Do you know a colleague who behaves like a real bully, as if he were still in the schoolyard? Here’s how to stop him before things get out of hand.
Are we dealing with a truly nasty and ill-intentioned personality or rather an inept person? A real bully will be disparaging, try to isolate his victim during meetings, seek control and attention, adopt unhealthy behaviours and be incapable of introspection and reconsideration. “Faced with this type of personality, you have to step back, document everything, note and postpone any action until later during this period of observation,” suggests Jacinthe Ouellet, organizational psychologist at SPB.
Be grounded and don’t bottle it up
You have to stay calm, be prepared and imagine the bully as being vulnerable themselves, which would partly explain his behaviour. “You have to get behind psychological barriers, create a bubble of protection by saying that these complaints and criticisms do not belong to you,” adds Jacinthe Ouellet.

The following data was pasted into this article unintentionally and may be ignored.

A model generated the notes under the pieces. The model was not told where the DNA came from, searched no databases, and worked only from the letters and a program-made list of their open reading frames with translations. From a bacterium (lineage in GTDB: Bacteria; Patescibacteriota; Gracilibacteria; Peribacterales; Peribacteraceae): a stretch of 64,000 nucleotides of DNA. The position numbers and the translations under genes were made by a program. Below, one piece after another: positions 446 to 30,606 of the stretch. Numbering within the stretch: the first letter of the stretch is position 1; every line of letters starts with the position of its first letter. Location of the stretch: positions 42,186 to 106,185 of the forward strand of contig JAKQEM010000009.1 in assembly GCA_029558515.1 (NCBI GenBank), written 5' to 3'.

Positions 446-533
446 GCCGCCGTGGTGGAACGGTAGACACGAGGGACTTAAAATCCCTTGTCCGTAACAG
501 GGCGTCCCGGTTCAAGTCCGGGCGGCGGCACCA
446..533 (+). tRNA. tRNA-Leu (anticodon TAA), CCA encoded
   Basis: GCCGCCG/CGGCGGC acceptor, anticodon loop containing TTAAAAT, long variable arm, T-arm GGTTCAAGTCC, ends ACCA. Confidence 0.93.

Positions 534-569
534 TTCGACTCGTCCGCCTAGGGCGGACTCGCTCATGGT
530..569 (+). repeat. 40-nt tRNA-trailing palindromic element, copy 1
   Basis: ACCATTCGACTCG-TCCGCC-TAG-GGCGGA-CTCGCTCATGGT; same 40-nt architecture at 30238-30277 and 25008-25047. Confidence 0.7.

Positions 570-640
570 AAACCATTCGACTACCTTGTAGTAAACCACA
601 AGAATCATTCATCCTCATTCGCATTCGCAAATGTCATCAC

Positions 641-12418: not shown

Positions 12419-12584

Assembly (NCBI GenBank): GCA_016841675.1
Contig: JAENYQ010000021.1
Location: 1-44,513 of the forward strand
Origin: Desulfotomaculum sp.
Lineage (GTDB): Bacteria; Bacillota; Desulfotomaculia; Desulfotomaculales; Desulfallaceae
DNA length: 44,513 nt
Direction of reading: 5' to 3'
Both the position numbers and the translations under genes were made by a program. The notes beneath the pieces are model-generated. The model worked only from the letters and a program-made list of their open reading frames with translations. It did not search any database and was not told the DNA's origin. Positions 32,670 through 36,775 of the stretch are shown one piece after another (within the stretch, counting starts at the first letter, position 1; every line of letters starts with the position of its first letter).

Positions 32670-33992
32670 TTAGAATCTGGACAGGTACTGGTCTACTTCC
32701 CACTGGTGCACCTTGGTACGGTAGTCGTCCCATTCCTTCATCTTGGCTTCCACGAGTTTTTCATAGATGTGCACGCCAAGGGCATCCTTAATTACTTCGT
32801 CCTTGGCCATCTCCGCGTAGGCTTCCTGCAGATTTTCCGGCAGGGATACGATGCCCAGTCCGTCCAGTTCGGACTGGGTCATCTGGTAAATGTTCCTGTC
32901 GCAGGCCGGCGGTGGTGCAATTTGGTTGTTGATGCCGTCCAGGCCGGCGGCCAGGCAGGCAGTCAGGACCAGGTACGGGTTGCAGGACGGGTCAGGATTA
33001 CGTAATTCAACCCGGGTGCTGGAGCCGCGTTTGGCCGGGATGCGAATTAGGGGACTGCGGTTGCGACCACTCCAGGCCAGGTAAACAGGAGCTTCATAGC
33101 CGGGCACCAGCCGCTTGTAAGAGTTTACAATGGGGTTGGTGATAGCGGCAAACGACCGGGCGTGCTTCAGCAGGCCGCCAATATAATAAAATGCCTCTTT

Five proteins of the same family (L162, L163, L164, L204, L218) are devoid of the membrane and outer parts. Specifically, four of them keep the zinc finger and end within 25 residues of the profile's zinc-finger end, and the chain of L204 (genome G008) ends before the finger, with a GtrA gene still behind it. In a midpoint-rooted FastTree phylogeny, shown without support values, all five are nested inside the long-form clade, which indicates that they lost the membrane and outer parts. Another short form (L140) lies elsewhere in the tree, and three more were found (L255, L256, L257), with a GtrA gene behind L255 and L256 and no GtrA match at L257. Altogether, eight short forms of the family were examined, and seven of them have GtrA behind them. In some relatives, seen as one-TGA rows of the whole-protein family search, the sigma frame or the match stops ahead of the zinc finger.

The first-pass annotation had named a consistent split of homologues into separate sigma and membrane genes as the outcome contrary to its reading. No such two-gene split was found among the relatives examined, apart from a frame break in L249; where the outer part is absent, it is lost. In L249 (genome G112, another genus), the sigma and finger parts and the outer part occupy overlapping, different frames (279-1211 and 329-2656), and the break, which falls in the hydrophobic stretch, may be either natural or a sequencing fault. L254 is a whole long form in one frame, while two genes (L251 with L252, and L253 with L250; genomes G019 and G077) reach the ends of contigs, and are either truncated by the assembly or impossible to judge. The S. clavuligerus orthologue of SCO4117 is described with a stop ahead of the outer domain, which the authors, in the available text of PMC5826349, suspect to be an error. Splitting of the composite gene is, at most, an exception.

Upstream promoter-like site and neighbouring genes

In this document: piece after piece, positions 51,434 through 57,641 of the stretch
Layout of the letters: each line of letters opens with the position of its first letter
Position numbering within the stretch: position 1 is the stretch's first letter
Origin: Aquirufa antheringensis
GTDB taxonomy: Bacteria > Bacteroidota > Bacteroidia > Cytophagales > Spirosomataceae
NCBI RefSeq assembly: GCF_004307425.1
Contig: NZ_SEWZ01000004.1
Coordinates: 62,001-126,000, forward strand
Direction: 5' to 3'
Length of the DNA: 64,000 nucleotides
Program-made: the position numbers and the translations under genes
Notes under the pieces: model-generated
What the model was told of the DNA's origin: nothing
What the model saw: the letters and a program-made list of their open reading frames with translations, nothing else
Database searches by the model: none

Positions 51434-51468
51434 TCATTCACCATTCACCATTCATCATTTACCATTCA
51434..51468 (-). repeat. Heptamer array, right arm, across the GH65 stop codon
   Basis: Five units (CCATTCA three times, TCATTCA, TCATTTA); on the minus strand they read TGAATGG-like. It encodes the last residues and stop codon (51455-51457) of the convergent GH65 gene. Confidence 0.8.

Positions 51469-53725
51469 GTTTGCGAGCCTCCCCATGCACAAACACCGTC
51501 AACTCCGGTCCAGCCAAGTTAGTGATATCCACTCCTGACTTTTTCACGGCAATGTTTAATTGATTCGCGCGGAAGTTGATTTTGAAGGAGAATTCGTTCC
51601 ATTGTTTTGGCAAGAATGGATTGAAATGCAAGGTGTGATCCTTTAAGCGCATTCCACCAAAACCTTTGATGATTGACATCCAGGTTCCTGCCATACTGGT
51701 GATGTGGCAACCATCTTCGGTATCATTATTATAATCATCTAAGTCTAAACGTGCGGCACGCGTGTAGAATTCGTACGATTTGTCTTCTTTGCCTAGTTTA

But do not isolate yourself: share your discomforts, worries and frustrations with a friend or colleague. Text your spouse to get unhappy episodes with this person off your shoulders quickly.
Maintain a calm, smiling attitude to respond to the bully with a certain serenity through non-verbal communication. “Ignore the person or stay firm by replying that that is enough, and consult the employer’s non-violence policy and human resources, if there is one,” says Jacinthe Ouellet.
Equipping your toolbox
Prepare your responses, stay concise and ask, “We don’t understand it the same way”, “What do you mean”, “Can you clarify”, “I’m busy right now, I’ll get back to you later”. It goes without saying that such interventions should take the wind out of the bully’s sails.
Leave or stay?
If you have a good ear with your employer and action is taken, things could get better. Conversely, if the employer does not take action against the problematic person, or worse, if this person is your boss, you have to ask yourself if this work environment respects your values. “Sometimes it’s like being ‘unhappily married’… you have to think about getting a divorce,” concludes Ms. Ouellet.